No luck of the Irish for EML Payments

Shares in EML Payments crashed more than 20% for the second time in a couple of weeks on Monday on more bad news from Ireland.

On July 11, EML revealed the surprise departure of long time CEO, Tom Cregan and a new CEO in Emma Shand (a current director) without an explanation and down went the shares.

A fortnight later, EML revealed yesterday that the Irish central bank had not approved the company’s remediation programme for its European operations (PFS Card Services Ireland).

EML said the Central Bank of Ireland had identified what EML termed in the statement as, “shortcomings in components of the remediation programme, principally the sequencing and approach taken to the risk assessment of its distributors, corporates and customers.”

Down went the shares, dropping more than 22% to close at 93 cents on Monday. They touched a low of 92 cents in trading, which is a new low for the shares

EML also said in Monday’s statement to the ASX that the additional work, ordered by the Irish central bank, may result in further controls being embedded into its internal control framework.

While that worried investors, they also noticed a slippage in the timing of the new controls.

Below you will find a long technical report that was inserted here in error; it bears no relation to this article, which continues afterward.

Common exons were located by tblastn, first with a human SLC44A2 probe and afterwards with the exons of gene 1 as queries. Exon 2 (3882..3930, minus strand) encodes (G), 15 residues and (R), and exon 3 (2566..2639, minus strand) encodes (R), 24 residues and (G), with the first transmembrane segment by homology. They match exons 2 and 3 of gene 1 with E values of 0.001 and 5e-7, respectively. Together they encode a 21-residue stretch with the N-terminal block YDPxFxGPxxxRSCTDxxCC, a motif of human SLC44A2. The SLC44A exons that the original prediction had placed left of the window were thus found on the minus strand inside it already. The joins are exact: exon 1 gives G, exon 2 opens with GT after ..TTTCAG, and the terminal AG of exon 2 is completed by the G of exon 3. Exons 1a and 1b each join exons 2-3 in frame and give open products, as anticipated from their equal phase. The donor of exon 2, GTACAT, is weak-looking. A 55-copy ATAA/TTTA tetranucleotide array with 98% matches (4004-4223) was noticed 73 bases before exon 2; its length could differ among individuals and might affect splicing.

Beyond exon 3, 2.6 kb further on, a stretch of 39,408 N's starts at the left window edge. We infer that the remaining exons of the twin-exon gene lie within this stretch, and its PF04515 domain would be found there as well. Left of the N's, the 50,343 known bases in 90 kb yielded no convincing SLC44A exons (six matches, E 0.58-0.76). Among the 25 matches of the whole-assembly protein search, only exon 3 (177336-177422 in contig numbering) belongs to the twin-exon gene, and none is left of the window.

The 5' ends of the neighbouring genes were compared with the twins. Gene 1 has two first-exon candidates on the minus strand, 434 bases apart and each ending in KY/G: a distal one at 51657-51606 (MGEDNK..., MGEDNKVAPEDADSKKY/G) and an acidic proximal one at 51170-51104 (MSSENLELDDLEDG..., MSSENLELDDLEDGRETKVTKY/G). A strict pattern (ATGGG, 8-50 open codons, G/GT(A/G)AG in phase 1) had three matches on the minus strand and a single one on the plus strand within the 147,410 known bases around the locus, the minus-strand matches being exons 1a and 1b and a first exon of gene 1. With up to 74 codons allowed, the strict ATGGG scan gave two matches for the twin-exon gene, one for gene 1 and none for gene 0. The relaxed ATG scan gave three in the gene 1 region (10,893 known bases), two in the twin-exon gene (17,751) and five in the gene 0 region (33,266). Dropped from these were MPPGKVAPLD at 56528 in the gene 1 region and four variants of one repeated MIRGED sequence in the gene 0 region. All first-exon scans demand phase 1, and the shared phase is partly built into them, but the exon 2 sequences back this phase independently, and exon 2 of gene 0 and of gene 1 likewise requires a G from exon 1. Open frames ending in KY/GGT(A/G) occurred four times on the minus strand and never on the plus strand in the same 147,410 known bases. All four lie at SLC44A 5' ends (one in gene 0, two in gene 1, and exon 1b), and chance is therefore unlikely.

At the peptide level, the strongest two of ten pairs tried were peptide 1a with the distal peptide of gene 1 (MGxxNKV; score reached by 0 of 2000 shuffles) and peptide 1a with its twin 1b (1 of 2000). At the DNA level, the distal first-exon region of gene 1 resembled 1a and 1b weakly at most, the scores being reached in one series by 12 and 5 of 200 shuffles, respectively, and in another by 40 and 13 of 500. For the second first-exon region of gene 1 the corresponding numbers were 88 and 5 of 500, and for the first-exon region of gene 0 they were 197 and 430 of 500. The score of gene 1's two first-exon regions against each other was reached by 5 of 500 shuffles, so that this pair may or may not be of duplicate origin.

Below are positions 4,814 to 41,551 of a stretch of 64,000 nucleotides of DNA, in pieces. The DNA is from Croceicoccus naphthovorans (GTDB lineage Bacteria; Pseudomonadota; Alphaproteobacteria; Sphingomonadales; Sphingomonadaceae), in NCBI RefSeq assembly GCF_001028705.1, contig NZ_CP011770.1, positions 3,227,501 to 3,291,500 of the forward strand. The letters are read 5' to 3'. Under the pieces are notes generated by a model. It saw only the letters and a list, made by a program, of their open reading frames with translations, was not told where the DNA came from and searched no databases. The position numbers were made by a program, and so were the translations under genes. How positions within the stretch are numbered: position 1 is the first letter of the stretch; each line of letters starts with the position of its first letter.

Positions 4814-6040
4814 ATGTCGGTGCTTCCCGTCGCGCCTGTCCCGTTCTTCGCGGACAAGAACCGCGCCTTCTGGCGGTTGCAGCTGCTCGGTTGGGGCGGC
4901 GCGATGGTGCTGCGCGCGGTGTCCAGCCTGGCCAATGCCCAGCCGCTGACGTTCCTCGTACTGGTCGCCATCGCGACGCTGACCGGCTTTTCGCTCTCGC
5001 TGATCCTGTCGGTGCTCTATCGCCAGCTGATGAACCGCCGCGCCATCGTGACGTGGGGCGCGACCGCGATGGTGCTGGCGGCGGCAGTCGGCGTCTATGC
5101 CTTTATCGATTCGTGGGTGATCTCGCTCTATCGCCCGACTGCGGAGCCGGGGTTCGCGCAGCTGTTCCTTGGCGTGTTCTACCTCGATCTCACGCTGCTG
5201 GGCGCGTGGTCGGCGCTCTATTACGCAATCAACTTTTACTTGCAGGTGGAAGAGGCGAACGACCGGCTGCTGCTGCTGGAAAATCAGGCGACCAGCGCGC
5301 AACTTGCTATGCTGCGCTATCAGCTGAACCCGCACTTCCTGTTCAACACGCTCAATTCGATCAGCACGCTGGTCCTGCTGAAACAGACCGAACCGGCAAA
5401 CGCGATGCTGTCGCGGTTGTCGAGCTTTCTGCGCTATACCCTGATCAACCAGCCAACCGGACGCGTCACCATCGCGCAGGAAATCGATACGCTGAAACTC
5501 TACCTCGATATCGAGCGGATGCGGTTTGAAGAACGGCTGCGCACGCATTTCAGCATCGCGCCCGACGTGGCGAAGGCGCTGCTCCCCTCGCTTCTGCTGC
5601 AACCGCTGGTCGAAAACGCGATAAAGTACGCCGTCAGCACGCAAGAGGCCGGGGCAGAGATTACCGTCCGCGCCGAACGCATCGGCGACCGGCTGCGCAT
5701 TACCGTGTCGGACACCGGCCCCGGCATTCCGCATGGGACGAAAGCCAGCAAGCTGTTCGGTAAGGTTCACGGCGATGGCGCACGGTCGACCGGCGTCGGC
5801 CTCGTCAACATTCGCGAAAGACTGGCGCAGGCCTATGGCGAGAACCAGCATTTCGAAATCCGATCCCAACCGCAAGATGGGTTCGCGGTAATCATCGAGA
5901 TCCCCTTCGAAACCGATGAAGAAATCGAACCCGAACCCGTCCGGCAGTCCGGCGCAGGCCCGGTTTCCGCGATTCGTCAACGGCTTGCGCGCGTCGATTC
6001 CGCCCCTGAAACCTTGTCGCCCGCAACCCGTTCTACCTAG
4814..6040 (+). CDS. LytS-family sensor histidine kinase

EML told the market that the adjustments to the remediation program will result in “assurance” being finalised “in 2023”, which much later than expected. Just when in 2023 wasn’t specified either.

PFS’s history with EML has been a short but tortured experience of just over two years. It has also been dangerous for the company’s share price.

The shares were trading at $5.72 in May 2021 when the problems with the Irish central bank first emerged. At yesterday’s close EML shares have lost more than 80% of their value in 14 months.

EML acquired the Ireland-based PFS in March 2020 after renegotiating the deal – the cost, $362 million.

The was supposed to push EML into the digital banking space, beef up its prepaid cards offerings and raise momentum.

But in May, 2021, the Irish Central Bank raised concerns about the anti-money laundering and counter-terrorism financing risk and control framework at PFS’ card services business.

The central bank imposed restrictions on the growth of the business.

EML worked with the Irish authorities to sort out the situation and put in place a multimillion-dollar remediation designed program to address the Central Bank of Ireland’s (CBI) concerns related to perceived anti-money laundering and counter-terrorism financing risks.

April saw EM slash earnings guidance and warn of continued challenges in the troubled European operations. It downgraded earnings by 13% at the midpoint to $53.5 million, and also said full year revenue and profit would also be lower.

July 11 saw the mysterious loss of long-time CEO.

On top of all this, there’s a continuing class action concerning the level of disclosure of its Irish problems.

Shine Lawyers launched action in the Supreme Court of Victoria seeking compensation for shareholders who suffered losses after buying EML’s shares in late 2020 through to mid-May 2021.

That legal action continues to worry the market.